Landlords who exceed the £7,500 limit will pay taxes using one of two methods. With the first method, you pay tax on your actual profit, which is calculated by subtracting your expenses and capital allowances from your total receipts. With the second method, you pay tax only on the gross receipts over the £7,500 threshold. When using the second method, you cannot deduct any expenses or capital allowances. You can choose to pay tax using your preferred method, and this can be changed from year to year.
This enables you to choose the method that is more advantageous depending on your yearly earnings and expenditures. Every year, you need to warn HMRC within the time limit (31st January) if you want to use the second method. Otherwise, you automatically have to use the first method.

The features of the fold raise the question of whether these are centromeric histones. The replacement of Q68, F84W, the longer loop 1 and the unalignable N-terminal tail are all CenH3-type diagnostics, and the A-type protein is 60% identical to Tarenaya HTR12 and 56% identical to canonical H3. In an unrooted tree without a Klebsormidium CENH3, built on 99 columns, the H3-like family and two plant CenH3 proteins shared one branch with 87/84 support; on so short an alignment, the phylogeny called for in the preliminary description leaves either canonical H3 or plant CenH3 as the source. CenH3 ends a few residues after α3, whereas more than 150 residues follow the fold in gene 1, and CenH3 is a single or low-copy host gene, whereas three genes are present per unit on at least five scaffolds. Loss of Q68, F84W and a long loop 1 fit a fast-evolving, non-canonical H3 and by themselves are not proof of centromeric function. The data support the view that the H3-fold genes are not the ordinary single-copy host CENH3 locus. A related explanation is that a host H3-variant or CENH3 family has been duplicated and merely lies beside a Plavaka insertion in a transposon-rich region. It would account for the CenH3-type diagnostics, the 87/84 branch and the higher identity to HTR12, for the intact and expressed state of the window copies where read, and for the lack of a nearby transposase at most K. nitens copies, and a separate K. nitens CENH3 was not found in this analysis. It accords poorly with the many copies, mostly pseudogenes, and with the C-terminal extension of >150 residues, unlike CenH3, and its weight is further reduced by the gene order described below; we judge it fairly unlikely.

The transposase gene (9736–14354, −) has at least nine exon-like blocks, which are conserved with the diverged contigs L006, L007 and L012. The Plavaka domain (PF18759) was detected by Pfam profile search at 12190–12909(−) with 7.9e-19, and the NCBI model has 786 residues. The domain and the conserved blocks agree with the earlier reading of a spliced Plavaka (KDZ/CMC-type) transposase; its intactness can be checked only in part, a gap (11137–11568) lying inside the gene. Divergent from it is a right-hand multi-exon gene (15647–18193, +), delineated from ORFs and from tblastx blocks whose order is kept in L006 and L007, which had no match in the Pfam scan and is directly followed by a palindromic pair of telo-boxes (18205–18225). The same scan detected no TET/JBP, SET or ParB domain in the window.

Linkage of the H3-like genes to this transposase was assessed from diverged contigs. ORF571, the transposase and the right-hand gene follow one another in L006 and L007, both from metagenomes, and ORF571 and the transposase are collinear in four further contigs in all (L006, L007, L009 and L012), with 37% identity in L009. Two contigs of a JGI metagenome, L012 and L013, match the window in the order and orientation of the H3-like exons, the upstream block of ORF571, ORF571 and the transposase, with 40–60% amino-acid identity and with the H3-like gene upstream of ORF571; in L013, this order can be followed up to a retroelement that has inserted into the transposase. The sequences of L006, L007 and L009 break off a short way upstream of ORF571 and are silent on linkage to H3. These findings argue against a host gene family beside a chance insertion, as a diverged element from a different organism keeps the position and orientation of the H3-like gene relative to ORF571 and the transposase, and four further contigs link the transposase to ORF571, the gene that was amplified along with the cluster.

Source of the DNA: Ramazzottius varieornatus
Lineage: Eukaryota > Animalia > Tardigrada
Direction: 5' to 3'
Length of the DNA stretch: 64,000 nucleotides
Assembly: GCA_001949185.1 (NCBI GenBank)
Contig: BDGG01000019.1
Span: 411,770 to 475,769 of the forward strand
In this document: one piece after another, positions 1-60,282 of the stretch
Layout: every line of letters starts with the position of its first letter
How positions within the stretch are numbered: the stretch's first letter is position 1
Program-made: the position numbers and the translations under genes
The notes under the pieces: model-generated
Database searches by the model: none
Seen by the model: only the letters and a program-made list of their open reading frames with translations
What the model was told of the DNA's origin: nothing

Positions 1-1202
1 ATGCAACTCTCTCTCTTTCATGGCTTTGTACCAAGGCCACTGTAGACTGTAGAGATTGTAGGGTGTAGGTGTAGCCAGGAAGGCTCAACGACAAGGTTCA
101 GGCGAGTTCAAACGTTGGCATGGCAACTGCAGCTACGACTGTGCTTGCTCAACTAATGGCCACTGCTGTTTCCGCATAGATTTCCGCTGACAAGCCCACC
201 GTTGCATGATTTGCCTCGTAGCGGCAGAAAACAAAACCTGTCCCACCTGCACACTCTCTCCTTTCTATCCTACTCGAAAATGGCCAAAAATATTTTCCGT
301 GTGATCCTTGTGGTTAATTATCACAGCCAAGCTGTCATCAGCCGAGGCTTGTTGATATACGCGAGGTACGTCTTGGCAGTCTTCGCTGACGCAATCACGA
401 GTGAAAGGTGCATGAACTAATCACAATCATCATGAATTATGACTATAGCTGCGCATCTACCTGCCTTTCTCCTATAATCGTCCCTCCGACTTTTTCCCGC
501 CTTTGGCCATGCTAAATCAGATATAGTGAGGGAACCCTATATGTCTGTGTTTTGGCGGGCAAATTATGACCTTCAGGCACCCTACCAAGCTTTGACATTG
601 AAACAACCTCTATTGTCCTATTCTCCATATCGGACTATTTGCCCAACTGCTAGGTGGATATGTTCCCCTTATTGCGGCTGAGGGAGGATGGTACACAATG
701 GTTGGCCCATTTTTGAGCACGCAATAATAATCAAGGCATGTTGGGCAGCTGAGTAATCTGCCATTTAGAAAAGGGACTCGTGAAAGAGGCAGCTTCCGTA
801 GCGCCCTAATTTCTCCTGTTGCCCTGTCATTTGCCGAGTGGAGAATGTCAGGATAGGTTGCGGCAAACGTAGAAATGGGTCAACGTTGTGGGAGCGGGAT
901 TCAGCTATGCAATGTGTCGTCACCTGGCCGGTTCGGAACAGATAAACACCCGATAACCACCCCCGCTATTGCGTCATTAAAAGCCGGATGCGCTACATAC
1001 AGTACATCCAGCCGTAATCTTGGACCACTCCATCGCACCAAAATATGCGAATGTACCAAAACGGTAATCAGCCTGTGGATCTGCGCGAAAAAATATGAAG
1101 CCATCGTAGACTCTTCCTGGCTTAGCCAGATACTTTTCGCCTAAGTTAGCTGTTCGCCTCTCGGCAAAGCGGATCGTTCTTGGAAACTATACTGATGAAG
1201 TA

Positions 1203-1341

What should I check before I take in a lodger?
For the first-time landlords out there, there are some things that you need to know before renting out your property
. For instance, if you are the property owner and have a mortgage, you should check with your mortgage lender to make sure that you are authorised to rent out a room under the terms of your contract. Same goes if you are a tenant - you should ensure that your lease agreement allows you to take in a lodger.
There are also financial considerations associated with renting your property. Indeed, if you live alone, having a lodger might affect your council tax, as an extra person in your household could mean that you are no longer eligible for the 25% tax reduction known as the Single Persons Discount. Before jumping in, all of these important considerations should be taken into account. Meet all the requirements to apply? You can start earning tax-free rental income today. For further information, make sure you visit the Government’s Rent a Room Scheme page, and if you are uncertain about navigating this, seek professional advice.